Septicflesh – Modern Primitive – Album Review

Artist: Septicflesh

Album Title: Modern Primitive

Label: Nuclear Blast

Date of Release: 20 May 2022

Over the years, the symphonic death metal arena has become ever-more popular and crowded. However, unlike some of the genres of heavy music, it tends to be frequented by a higher proportion of very high-quality bands. Names like Fleshgod Apocalypse, Ex Deo, MaYaN, and others all spring to mind quickly and easily, and rightly so based on their output in years gone by. The other name that leaps up is Septicflesh, the Athens-based stalwarts of the genre, well into their third decade of existence.

In the 31 years since the release of their ‘Forgotten Path’ demo, the Greek quintet have released ten full-length studio albums, a couple of Eps, a handful of demos, a live album and the odd compilation. They briefly split in 2003 but this hiatus only lasted four years in total, less time than it has taken for their eleventh album to materialise since ‘Codex Omega’ back in 2017. But now, in 2022, we have ‘Modern Primitive’ in our grasp.

What’s quite remarkable in this day and age of revolving line-ups and personnel changes, is that Septicflesh still boast a trio within their ranks that have been around since the formation of the band. Bassist and growler Spiros Antoniou, guitarist and orchestrations expert Christos Antoniou, and guitarist and clean vocalist Sotiris Anunnaki V all remain integral to the Septicflesh cause. They are joined by drummer Kerim ‘Krimh’ Lechner who has been in the fold for eight years, as well as the only newcomer, guitarist Psychon, who joined the ranks this year.

With such an experienced core to the band, one concern could be that of complacency – heaven knows it has been the downfall of others in the past. However, on the basis of ‘Modern Primitive’, it would appear that these guys are as hungry and dedicated to their art as ever. In fact, it takes no time at all to be given demonstrable evidence of this thanks to the opening track, ‘The Collector’. A gentle Middle Eastern melody is played out on an acoustic guitar for a short time, supported by some quiet cinematic orchestration, before the song literally explodes. The riffs are gigantic, the drumming is thunderous, and the orchestration is utterly menacing, creating an intimidating soundtrack. The song flits between this heavy approach and quieter sections akin to the intro, whilst a good dollop of elegant melody is introduced carefully at points just to accent the more bombastic sections. I love the atmosphere and the sense of mysticism that’s created straight off the bat, setting up the rest of the album nicely, but setting the bar very high indeed in the process.

I’m not quite so enamoured with the follow-up, ‘Hierophant’, even though it is a gargantuan monster of a song that really delivers on the death metal element of Septicflesh’s sound. The varied clean and growled vocals are great, as are the bulldozing sections of pummelling heaviness. However, it lacks just a little in the memorability stakes and when it ends, I’m not filled with disappointment.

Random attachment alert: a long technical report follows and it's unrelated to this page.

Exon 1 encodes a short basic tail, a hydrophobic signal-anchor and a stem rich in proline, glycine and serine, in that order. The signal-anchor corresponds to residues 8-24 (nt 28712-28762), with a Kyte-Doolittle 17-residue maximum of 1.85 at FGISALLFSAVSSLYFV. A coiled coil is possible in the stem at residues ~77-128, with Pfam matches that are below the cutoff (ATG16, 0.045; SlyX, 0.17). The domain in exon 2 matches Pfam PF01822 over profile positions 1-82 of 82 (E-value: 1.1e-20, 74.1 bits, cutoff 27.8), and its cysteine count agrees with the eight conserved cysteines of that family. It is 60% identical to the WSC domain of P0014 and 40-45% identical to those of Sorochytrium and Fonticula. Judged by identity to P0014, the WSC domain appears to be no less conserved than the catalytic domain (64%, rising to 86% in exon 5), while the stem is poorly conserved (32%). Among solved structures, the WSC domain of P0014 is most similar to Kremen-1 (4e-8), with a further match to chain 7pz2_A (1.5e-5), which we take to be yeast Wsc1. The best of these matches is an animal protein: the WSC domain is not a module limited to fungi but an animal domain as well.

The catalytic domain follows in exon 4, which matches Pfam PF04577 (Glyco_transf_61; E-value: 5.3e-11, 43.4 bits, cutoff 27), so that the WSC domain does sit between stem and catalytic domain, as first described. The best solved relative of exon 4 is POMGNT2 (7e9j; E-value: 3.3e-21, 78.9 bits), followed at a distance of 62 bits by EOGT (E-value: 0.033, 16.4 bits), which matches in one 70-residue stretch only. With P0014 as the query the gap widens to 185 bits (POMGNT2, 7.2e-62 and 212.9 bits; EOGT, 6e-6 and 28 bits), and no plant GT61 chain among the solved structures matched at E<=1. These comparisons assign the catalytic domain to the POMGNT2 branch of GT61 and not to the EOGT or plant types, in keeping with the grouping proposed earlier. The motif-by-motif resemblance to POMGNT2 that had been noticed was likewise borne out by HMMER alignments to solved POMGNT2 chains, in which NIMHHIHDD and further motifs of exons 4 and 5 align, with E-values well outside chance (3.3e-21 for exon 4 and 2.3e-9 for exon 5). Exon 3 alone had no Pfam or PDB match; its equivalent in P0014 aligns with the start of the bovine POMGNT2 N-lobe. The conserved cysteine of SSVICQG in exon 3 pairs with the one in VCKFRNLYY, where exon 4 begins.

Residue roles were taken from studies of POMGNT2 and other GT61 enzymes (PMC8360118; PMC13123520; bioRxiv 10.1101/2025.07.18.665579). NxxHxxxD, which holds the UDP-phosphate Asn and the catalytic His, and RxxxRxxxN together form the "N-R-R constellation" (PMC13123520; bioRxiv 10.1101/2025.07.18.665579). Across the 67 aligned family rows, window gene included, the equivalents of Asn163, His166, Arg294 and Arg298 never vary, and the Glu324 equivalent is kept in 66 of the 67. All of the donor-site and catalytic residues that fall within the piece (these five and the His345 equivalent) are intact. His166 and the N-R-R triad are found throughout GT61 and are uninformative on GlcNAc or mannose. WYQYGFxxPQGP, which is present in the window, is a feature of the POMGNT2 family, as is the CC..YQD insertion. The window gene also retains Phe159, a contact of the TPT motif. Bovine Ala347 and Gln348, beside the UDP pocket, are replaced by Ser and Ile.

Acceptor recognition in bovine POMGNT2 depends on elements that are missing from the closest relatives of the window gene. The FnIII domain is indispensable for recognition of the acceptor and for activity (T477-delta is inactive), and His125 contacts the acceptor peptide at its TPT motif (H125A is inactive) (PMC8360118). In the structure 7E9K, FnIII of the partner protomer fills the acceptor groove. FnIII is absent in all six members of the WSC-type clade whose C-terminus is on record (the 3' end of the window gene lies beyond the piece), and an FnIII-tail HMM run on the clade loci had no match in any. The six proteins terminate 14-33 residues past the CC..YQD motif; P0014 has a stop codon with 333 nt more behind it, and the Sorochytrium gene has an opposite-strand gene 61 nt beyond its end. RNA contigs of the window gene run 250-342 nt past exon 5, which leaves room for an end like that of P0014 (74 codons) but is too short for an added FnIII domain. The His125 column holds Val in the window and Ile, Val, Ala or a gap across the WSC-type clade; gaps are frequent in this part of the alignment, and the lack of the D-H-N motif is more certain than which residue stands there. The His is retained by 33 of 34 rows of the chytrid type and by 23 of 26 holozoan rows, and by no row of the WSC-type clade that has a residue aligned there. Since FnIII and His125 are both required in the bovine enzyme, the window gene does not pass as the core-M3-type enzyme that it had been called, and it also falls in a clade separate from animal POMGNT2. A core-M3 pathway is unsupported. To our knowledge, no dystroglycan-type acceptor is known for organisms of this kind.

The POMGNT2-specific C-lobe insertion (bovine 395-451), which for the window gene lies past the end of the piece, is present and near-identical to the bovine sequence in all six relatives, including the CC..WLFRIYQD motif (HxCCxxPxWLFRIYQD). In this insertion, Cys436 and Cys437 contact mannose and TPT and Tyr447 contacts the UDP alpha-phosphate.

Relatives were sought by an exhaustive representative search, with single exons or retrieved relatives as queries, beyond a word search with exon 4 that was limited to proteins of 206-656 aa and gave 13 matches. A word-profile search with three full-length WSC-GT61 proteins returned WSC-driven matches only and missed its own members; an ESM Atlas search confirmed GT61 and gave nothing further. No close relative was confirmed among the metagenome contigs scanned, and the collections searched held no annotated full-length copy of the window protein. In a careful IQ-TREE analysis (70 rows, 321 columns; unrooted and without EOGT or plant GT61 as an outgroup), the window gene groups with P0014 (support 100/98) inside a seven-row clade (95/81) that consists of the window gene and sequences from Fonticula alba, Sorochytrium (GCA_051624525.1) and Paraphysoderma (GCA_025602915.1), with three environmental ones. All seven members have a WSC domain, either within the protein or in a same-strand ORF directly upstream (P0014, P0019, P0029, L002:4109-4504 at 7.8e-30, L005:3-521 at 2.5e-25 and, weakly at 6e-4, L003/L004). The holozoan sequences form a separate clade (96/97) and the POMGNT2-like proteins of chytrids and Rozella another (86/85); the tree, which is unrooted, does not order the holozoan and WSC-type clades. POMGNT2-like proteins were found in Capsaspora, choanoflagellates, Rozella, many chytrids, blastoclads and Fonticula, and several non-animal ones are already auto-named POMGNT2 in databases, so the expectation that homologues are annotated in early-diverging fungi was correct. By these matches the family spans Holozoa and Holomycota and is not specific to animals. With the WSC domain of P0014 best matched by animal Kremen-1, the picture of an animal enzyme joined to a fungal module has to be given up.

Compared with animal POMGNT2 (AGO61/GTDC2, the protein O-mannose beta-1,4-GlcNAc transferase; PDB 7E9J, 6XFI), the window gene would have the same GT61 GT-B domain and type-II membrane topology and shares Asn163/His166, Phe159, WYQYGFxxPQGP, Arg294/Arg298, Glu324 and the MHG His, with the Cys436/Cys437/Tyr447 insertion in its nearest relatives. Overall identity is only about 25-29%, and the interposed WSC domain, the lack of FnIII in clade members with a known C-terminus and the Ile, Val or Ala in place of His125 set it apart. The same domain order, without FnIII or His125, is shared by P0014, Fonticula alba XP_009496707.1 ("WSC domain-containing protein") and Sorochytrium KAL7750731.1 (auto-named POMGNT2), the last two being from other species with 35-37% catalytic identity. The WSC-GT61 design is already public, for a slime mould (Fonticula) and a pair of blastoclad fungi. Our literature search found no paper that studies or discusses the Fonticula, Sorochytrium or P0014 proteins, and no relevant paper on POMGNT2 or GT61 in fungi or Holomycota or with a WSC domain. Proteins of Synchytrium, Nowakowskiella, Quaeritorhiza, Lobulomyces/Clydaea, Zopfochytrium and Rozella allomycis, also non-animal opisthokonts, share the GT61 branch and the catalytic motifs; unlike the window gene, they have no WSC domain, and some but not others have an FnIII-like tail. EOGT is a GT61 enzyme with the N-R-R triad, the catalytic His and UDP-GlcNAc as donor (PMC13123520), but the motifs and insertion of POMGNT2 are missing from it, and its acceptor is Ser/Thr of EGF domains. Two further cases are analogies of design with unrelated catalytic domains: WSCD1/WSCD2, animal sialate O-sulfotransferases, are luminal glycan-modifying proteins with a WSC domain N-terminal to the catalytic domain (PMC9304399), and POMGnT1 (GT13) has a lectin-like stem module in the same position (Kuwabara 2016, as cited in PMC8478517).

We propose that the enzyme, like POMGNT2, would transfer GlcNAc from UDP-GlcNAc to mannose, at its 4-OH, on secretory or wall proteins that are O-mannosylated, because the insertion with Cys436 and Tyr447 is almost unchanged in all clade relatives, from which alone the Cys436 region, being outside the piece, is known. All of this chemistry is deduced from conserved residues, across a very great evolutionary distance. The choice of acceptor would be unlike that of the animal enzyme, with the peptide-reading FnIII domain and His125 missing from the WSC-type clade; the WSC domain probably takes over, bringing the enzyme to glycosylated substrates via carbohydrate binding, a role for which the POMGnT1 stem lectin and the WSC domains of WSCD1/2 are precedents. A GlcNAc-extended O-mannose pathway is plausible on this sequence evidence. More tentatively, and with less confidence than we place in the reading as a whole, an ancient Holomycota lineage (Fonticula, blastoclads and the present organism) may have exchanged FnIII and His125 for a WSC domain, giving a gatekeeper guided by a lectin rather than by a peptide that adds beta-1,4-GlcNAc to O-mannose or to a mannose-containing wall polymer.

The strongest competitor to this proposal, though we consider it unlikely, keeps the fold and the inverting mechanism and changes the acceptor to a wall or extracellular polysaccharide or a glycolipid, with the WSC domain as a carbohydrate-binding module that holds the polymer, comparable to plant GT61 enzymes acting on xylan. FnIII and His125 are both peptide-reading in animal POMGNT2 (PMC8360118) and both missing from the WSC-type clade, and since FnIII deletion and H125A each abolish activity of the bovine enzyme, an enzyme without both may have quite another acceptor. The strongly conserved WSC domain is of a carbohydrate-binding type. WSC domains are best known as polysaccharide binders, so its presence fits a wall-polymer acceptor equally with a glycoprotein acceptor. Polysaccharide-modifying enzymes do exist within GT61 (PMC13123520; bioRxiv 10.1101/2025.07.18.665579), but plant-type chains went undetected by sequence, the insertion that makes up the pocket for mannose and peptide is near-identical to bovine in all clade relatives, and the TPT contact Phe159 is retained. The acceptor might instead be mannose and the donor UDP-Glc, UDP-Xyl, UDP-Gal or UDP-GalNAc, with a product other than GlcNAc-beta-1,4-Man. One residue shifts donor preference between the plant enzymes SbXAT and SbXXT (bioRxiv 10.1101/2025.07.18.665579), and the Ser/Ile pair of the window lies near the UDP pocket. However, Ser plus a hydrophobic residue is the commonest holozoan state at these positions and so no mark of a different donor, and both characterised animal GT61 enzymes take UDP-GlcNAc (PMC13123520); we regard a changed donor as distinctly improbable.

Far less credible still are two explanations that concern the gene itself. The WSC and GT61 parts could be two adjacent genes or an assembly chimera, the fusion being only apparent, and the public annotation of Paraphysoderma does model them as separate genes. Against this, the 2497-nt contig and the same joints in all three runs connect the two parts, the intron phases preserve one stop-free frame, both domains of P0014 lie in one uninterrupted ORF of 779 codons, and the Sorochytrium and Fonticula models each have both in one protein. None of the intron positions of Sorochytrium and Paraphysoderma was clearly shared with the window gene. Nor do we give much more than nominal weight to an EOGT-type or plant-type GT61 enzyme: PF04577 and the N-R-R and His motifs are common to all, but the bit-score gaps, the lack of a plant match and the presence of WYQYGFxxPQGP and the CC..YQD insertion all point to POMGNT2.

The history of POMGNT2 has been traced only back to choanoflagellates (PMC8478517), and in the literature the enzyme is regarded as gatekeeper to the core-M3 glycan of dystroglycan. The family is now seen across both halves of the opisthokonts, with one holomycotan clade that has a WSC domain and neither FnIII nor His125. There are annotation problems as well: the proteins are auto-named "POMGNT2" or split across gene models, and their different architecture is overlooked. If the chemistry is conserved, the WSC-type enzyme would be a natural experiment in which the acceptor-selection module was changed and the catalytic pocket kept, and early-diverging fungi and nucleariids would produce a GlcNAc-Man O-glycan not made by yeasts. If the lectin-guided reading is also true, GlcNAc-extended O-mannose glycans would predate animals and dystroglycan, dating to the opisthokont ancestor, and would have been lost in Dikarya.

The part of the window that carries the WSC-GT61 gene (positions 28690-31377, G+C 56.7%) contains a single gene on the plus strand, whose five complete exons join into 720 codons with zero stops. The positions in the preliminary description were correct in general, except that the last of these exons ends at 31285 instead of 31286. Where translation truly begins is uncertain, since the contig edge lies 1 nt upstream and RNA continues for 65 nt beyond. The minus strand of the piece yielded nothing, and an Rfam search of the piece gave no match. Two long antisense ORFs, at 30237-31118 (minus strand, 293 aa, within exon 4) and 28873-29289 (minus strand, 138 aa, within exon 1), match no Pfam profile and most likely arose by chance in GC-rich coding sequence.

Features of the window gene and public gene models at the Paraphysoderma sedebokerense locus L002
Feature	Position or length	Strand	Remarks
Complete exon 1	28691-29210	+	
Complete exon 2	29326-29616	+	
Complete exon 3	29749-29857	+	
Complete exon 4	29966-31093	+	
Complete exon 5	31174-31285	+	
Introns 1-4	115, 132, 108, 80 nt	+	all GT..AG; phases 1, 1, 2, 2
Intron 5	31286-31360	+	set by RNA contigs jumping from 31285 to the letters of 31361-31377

Having taken my time to consider this, I have finally concluded that it’s not because it’s not a good song, it’s just that there are so many excellent moments littered within ‘Modern Primitive’, that this song gets a little lost and left behind in my opinion.

To underline this point further, there are a number of potential candidates for my favourite track on this album, starting with the fabulous ‘Self Eater’. It opens with real bombast and bruising attack, the orchestration crawling all over the song but to great effect. There’s an ebb and flow that, in the quieter sections, allows the Libro Coro children’s choir and a lone Middle Eastern voice to add a sense of added drama, whilst the song literally bursts at the seams when the epic melodies take centre stage in the latter stages. If there was to be a re-defining of the word ‘epic’, this song could easily be it.

But then, equally as compelling is ‘Neuromancer’, another composition that opens with clean guitars and a Middle Eastern flavour to it. The ensuing riffs are slow, but heavy as hell and stomp all over our ears with sadistic glee. The pace picks up at points, with drums and bass laying down a powerful framework upon which to build. The melodies hit, and they hit hard too, full of glorious rousing sentiment, bathed in wonderful orchestration. I just love the pronounced juxtaposition between the stomping heaviness and soaring melodies found on this song, especially when embellished with the clean vocals towards the end which signals a great mini crescendo.

Other massive highlights include ‘Coming Storm’ which goes all out in the symphonic stakes – the orchestration is enormous, and it only adds a sense of drama and power to an already strong track that blasts along at a great tempo. The quiet section that hits in the final quarter is inspired; both melodic and atmospheric, it features clean picked guitars and The City Of Prague Philharmonic Orchestra and then builds to an almighty final minute or so. Then there’s ‘Desert Throne’ which is equally as intense, albeit in a slightly more melodic and anthemic manner. The song features both clean and growled vocals alongside what could arguably be described as the most immediate and stunning chorus melody anywhere on this album. It’s huge.